Bayana Bayana (the female national soccer team) called her to come and train at a camp and play some matches with them when she was 15 and 16 years old. It was not long before that she was given her first pair of soccer shoes.  To put on the national uniform in the relatively new democratic country was an amazing feeling for her and opportunities she says she will never forget. Although the experiences were meaningful, she wondered what was next in store for her career, as there still remained relatively few opportunities for females to play in the area. ‘Here I was playing for Bayana Bayana and now I come home and it’s back to playing with the guys.’ Although she admits that playing with males helped her with her skill, speed and toughness, she always wanted the opportunity to compete with and against other females.

It wasn’t until the early 2000’s that an organized league for females in the area was available. She has been playing on this team ( Maritzburg City ) since its inception and feels very happy that it was created. Although, she says, that part of her always wishes that these opportunities came earlier in her life as opposed to the latter stages of her career. Above all, she remains determined to create and encourage opportunities for female players today that she herself did not experience.

She remains with the local women’s team, and continues to play at a very high level, although the gray hairs on her low cut style are apparent. She spends many a weekend working with and coaching the next generation of female players and continues to assist SAFA with scouting of female players around the region. Her goal is to provide the opportunities and encouragement for young girls that she always yearned for. Although the days of females getting kicked off the soccer pitch by male teams and being scoffed at when arriving to play against male or female teams still happens (and did while I was there), strides are slowly being made.

It has been my privilege and joy to be able to call the person in this story my friend. We have not only played together in practices and games, but coached young girls alongside one another from all over the surrounding areas. Walking alongside and accompanying one another in mutual respect we have learned so much about not only each other but also about one another’s country, language and culture. Above all, the passion that we share is for women and girls to have the opportunity to compete, participate and enjoy the gift of games and sport…no matter what sport that is or where in the world that female may be!

With peace and blessings,

— Kristen Konkol

A great story from a brilliant writer.  Kristen Konkol is a rising  scintillating  star in the  journalistic firmament,  and honest reporting.   We look forward to her first bestseller.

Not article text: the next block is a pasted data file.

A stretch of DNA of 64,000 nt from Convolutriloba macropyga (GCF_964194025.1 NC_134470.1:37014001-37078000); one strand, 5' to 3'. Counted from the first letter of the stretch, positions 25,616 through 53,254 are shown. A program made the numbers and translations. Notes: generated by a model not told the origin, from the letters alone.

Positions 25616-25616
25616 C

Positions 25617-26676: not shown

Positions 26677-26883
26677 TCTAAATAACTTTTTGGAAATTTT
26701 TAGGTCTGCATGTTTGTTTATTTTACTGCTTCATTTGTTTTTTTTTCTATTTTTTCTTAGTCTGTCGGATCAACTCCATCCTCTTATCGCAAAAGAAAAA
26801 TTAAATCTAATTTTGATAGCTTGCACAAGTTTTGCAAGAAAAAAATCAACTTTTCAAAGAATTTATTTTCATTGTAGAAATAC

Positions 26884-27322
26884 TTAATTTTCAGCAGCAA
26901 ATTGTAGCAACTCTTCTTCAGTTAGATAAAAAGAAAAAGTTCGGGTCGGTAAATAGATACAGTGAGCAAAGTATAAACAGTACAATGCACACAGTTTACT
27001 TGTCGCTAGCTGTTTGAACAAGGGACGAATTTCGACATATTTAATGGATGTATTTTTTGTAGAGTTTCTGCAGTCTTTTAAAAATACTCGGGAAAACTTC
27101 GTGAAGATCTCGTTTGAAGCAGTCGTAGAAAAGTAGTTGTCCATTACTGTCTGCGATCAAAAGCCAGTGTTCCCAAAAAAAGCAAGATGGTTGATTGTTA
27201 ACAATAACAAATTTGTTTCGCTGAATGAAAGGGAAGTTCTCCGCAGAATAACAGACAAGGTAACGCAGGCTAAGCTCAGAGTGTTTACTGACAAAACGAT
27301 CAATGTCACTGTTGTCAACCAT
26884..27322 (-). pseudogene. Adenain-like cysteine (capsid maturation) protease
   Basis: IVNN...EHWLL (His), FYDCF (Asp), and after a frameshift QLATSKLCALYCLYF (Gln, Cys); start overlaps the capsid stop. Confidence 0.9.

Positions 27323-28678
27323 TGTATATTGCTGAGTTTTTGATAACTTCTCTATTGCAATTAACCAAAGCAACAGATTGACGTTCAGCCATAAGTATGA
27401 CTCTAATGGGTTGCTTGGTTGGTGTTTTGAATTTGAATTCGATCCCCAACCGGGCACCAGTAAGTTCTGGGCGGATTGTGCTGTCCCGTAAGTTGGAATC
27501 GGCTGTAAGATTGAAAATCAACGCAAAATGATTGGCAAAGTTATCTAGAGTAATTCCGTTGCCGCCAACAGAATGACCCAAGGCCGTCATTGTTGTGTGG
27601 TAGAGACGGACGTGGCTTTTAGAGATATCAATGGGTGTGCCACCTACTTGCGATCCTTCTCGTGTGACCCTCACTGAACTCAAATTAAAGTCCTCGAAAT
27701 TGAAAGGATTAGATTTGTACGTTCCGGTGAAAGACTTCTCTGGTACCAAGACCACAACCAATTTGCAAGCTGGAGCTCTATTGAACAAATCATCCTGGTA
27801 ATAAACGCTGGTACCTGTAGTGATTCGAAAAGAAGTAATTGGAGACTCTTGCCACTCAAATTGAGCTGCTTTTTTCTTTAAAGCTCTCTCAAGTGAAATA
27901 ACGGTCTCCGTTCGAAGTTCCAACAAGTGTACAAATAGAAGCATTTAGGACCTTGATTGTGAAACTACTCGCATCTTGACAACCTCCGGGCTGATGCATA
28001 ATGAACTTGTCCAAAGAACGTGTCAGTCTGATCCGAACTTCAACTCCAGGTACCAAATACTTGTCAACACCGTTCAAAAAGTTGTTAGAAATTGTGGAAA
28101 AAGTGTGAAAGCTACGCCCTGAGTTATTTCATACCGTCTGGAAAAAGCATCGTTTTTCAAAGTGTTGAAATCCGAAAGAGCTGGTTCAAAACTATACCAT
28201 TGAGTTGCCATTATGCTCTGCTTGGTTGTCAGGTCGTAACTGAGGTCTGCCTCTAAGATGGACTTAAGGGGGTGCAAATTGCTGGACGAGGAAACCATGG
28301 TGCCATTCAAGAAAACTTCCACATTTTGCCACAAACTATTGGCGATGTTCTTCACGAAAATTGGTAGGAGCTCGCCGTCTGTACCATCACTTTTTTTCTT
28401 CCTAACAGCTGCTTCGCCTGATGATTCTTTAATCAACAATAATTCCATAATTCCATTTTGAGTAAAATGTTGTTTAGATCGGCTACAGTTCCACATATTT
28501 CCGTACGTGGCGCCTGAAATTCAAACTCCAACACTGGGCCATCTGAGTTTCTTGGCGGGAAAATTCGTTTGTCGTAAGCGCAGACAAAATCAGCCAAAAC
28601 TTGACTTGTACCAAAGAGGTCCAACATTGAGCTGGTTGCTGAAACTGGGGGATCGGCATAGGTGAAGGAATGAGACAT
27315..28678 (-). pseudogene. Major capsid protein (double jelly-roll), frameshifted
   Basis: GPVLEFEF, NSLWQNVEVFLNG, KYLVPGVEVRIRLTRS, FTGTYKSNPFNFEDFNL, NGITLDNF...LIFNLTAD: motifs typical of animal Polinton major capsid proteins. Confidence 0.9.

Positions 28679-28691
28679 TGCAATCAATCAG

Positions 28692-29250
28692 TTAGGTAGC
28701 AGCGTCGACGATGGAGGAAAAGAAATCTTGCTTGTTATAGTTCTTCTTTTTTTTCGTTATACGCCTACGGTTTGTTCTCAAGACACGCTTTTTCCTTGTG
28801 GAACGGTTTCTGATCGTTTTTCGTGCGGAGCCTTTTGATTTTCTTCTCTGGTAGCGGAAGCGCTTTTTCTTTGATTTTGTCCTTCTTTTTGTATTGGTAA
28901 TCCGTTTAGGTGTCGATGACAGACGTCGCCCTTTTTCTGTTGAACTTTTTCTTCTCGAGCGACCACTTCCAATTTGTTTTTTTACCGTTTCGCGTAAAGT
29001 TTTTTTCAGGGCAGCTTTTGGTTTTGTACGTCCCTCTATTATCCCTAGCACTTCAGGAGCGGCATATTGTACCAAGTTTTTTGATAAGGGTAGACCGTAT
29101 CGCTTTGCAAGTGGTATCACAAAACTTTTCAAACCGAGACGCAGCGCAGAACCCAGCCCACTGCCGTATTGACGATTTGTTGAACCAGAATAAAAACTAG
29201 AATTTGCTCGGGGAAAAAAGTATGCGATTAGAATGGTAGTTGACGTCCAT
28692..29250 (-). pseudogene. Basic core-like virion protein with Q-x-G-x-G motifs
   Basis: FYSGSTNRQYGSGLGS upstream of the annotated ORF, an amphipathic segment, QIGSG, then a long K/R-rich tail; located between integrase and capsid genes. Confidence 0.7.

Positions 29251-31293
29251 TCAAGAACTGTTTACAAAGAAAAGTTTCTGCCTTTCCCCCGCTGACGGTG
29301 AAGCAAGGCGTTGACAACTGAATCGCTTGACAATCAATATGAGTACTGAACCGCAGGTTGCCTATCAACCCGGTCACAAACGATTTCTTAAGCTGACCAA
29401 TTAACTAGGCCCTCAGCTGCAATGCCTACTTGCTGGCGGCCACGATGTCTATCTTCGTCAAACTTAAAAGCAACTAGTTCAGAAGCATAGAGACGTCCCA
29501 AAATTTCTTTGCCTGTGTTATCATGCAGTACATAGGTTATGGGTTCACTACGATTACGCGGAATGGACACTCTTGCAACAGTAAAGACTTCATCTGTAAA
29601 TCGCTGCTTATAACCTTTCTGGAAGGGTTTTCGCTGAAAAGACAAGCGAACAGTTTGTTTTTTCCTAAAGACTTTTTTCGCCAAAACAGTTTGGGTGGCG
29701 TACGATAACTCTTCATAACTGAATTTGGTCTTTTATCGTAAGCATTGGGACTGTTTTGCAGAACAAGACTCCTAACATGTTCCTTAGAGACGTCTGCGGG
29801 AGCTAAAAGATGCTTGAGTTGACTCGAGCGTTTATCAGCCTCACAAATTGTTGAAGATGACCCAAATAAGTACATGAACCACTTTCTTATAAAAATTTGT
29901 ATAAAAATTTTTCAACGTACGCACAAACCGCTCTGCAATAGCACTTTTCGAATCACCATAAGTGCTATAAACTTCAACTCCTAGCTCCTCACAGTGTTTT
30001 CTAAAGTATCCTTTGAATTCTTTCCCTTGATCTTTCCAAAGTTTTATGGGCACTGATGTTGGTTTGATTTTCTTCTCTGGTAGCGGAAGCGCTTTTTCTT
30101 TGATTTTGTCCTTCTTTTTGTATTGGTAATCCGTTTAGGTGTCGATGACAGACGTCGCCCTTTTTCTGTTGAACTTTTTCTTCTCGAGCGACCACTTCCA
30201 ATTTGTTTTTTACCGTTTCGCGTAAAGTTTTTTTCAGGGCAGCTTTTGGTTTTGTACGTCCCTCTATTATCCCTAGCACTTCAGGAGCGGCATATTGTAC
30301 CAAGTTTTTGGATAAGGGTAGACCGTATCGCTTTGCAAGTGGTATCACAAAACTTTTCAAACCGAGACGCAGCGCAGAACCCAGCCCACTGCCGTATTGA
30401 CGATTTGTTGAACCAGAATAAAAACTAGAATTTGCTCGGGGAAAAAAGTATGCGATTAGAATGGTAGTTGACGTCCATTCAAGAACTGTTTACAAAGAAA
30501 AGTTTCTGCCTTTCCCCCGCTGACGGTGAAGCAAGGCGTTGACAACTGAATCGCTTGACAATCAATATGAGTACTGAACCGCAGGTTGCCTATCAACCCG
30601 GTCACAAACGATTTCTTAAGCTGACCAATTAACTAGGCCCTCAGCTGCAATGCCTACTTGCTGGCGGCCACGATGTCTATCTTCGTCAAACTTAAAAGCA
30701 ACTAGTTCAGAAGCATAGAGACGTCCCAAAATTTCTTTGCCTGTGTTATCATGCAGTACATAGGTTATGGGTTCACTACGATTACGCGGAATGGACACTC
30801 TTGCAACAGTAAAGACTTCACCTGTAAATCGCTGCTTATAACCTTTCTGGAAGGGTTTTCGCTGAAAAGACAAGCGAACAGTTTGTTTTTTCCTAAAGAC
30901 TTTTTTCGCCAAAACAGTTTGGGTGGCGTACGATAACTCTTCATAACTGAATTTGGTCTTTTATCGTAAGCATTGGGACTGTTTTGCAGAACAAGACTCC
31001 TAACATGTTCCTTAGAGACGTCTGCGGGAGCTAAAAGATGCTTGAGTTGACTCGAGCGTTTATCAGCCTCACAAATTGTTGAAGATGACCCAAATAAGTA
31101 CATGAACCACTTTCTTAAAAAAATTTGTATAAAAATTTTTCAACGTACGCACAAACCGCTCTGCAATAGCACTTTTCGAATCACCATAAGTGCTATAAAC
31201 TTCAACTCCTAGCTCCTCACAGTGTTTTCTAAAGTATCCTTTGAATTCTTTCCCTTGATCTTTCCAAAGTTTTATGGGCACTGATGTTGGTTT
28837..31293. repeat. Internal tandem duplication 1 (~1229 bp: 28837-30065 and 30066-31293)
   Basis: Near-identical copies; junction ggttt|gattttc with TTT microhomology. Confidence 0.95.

Randall.

September 20, 2009

Discussions with Brian Konkal -13 : South Africa

Posted in Education, Environment, Religion, South Africa tagged , , at 6:01 am by randallbutisingh

Discussions with Brian Konkal -13 : South Africa

Clearing away the smoke (Kristen F. Konkol)

To read with pictures go to: (http://briankristenkonkol.blogspot.com)

Smoke billows into the air, covering the landscape. The clear sunny skies have a hazy look to them as the fire burns away at the earth. The acrid smell hits your nose and you merely look into the distance amongst the rolling landscape to spy the source stimulating your senses. The dry Kwa-Zulu Natal winter months bring many controlled (and some uncontrolled) burns to the dry, crisp and pale landscape. The charred and blackened earth can be seen in vast hectors of land in both rural and cityscapes alike. As you travel down the roads, you are occasionally even made to detour as the smoke envelopes the sky and visibility is minimal. This blackened earth is commonplace throughout the months of June-August in our province (and some others) as a practice of cyclic renewal of the earth.

Oftentimes one may think how unattractive, stale and lifeless the landscape looks throughout these months. But with the first rains at the end of August, the green “fuzz” appears as you look over the vast areas of land. For amidst the charred and lifeless remains of earth springs new buds and blades of green. Renewal begins and the cyclic pendulum has swung, bringing beauty and color to the once inert landscape. The green “fuzz” gets thicker as the grass, plants and trees begin to taste the sweet drops of moisture from the swollen clouds. The beauty and fragrance of the flowering trees and plants tickles the senses as one walks down the road seeing eye-catching violets, corals, reds and other vibrant colors springing out from the buds. As the memory of the dry and charred earth fades, one is reminded that there is always more than meets the eye. For a snapshot in time of this blackened earth would not capture the potential and cycle of renewal that takes place in Kwa-Zulu Natal (and other parts of South Africa). There are so many life-giving occurrences that happen each and every day reminding us that there really is so much more than the senses can take in and process.